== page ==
Although some Twitter users praised Carrey for speaking out, the makers of Kick-Ass 2 were less impressed. Mark Millar, the creator of the original comic book, wrote an open letter in which he claimed that “the big deal we made of the fact that [Carrey’s character] refuses to fire a gun is something he told us attracted him to the role in the first place.”

Photo: Jim Carrey in the film Lemony Snickets A Series of Unfortunate Events.

And that wasn’t to be the only part that Carrey’s tweets would seem to play in his downfall. In 2015 he suddenly went public with some very controversial beliefs. In fact, it turned out that he was anti-vaccination. “California Gov says yes to poisoning more children with mercury and aluminum in mandatory vaccines. This corporate fascist must be stopped,” he wrote, referring to a new law that had just been passed.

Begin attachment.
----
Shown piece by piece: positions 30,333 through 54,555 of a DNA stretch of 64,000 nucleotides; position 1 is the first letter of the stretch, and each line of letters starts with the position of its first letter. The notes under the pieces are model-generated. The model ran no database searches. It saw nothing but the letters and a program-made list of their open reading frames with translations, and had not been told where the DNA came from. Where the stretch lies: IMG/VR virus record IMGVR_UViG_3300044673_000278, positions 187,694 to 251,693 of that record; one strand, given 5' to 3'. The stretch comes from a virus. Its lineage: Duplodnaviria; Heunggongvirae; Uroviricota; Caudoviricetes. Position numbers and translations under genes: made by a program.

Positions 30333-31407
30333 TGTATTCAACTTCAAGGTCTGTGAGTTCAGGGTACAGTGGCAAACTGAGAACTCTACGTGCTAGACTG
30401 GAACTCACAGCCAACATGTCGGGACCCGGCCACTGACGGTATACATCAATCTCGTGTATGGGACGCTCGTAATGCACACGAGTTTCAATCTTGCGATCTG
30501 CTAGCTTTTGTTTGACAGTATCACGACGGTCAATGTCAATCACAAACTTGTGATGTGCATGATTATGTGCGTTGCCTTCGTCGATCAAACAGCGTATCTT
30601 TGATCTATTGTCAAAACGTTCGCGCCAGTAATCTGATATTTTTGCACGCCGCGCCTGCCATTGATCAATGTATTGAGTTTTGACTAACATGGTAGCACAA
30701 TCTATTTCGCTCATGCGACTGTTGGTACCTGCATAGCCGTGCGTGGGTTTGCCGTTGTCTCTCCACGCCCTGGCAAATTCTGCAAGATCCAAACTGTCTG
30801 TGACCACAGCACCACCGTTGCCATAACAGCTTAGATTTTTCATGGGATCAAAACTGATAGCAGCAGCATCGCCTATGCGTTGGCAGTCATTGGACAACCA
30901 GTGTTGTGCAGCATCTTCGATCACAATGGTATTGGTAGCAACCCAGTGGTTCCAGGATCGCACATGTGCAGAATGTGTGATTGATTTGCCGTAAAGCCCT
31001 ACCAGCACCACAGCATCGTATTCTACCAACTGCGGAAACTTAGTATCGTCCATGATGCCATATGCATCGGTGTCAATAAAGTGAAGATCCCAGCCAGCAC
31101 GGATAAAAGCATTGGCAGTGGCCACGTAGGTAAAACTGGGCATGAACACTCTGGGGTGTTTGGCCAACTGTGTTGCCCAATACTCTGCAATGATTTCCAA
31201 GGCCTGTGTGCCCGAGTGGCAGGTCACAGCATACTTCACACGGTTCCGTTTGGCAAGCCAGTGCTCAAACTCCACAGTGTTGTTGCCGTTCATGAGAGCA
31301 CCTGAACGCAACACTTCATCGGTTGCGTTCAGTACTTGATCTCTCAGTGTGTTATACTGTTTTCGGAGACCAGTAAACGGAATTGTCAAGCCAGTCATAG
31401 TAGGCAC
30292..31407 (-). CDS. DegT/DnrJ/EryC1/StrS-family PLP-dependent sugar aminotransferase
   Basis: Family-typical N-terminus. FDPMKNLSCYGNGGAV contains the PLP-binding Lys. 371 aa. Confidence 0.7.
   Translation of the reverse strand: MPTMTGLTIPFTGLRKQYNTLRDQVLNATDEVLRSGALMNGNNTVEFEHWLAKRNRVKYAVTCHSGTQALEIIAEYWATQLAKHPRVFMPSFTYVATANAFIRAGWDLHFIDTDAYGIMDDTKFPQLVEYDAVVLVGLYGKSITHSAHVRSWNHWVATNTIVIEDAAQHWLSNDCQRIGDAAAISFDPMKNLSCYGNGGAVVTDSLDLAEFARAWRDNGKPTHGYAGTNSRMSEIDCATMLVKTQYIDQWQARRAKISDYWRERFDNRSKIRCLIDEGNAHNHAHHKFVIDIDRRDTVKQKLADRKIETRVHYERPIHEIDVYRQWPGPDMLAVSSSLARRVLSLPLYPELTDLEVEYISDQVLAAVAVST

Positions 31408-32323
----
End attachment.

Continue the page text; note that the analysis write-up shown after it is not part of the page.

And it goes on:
You see, there was an angry response to his comments. People were quick to point out that mercury is not used in vaccines anymore and refusing to vaccinate children poses a huge risk to public health. “I am not anti-vaccine. I am anti-thimerosal, anti-mercury. They have taken some of the mercury laden thimerosal out of vaccines. NOT ALL!” Carrey tweeted in an apparent attempt at damage control. It seemed, however, that his reputation had already been tarnished.

Time magazine subsequently published an article titled “Jim Carrey, Please Shut Up About Vaccines.” The criticism that it contained included: “The anti-vax crowd has never been about reasoned argument or a cool-headed look at clinical science. They’ve been all about rage, all about echo-chamber misinformation.” In one fell swoop, then, Carrey had apparently gone from beloved comedian to anti-science kook.


Consequently, when actors find themselves on the receiving end of bad publicity, it can no doubt affect the roles that they get. And if you look back on Carrey’s filmography, it turns out that he had only one credit to his name in 2015: an appearance on Saturday Night Live. That’s a big comedown for an actor who, for so long, seemed to be a regular sight on movie posters.